I enjoyed a post today at Hidden Clause talking about an attempt to generate the string ‘hello, world!’ using a genetic algorithm.
In the first chapter of the documentation for the Watchmaker Framework Daniel W. Dyer presents an interesting genetic algorithm example: what if we wanted to evolve the string “HELLO WORLD”? … My first thought: implementing this in JGAP shouldn’t be that hard.
The setup reminds me of the game ‘Mastermind’ — we’re dealing with a fixed-length string and scoring based on how many of the correct characters occur in the string and if they are in the right position. You combine some better strings and sometimes mutate them to generate new strings, and repeat that process until, hopefully, you arrive at the target string, ‘hello, world!’.
Did it work? Well, almost. The first result, “‘!ello, or!d!”, was reached after 1 million iterations on a population size of a thousand — and, it used a limited alphabet containing only the letters and punctuation in the target string (and not, for example, ‘z’).
The reason the solution was not reached, the post’s author notes, is that the algorithm doesn’t have the breadth or the convergent ability to match the statistical odds involved. Recalling the old problem of monkeys on typewriters producing Shakespeare , the author notes how unlikely it is to produce the desired result.
Of course, we’re not simply monkeying at typewriters. We’re making random changes and mutations, but we’re intelligently selecting the parents. Apparently, the method first tried wasn’t intelligent enough to arrive at the desired solution within that number of iterations, and increasing iterations or population size, apparently, isn’t going to be practical. So we need to use a better way of selecting the parents.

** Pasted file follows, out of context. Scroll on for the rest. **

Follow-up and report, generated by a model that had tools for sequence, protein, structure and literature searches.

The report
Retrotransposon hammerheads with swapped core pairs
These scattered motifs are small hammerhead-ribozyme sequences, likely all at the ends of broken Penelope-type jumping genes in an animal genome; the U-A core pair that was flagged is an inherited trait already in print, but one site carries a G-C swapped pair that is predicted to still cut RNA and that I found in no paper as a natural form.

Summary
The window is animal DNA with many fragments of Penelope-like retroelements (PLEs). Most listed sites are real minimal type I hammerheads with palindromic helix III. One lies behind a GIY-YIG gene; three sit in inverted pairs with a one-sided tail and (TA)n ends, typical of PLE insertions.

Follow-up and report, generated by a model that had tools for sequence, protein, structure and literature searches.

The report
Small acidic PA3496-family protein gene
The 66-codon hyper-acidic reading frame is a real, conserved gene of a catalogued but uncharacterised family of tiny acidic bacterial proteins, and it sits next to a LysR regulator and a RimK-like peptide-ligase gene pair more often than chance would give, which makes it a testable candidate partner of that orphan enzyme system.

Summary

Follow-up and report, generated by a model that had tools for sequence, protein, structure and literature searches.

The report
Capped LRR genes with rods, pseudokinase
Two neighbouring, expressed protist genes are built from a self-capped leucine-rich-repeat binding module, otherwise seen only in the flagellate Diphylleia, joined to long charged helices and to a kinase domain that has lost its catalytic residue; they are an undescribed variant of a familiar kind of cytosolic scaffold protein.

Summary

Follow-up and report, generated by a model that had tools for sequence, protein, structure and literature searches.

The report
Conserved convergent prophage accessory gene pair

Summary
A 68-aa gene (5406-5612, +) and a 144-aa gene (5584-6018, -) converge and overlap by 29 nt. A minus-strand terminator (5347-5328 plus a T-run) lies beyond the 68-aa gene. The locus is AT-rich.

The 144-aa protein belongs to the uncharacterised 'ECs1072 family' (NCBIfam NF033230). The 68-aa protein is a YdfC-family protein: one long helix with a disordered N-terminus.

We could improve the fitness function. Let’s say we take the whole alphabet and the punctuation and number them (for instance: A=1… Z=26 and space and comma and exclamation could be 27, 28, and 29, respectively). Now, assign fitness based on the difference between actual and target values of each character. Is this cheating? Well, no. Our new fitness function requires no a priori knowledge of the solution and will work equally well for a different target string. This is providing our GA with a lot more information per epoch, and therefore we should see a much faster convergence.
(Aside: there are much better way of numbering the letters and punctuation to encourage faster convergence, based on the frequency the characters are used in the English language. In fact, one could develop a system that took advantage of commonly grouped letters like ‘th’ and ‘ing’, and if dealing with sentences, commonly grouped words… Is that cheating? Well, we must remember that the more such information we encode, the more pre-disposed or biased our output will be. Also, the point of a using a genetic algorithm is to substitute computation time for programming complexity. In a contrived problem, it’s up to us where that line lies. )
There are a number of other ways to improve the fitness function, but my instinct is that this suggestion or a similar modification would be sufficient. I hope the Hidden Clause crew reports the result of another attempt.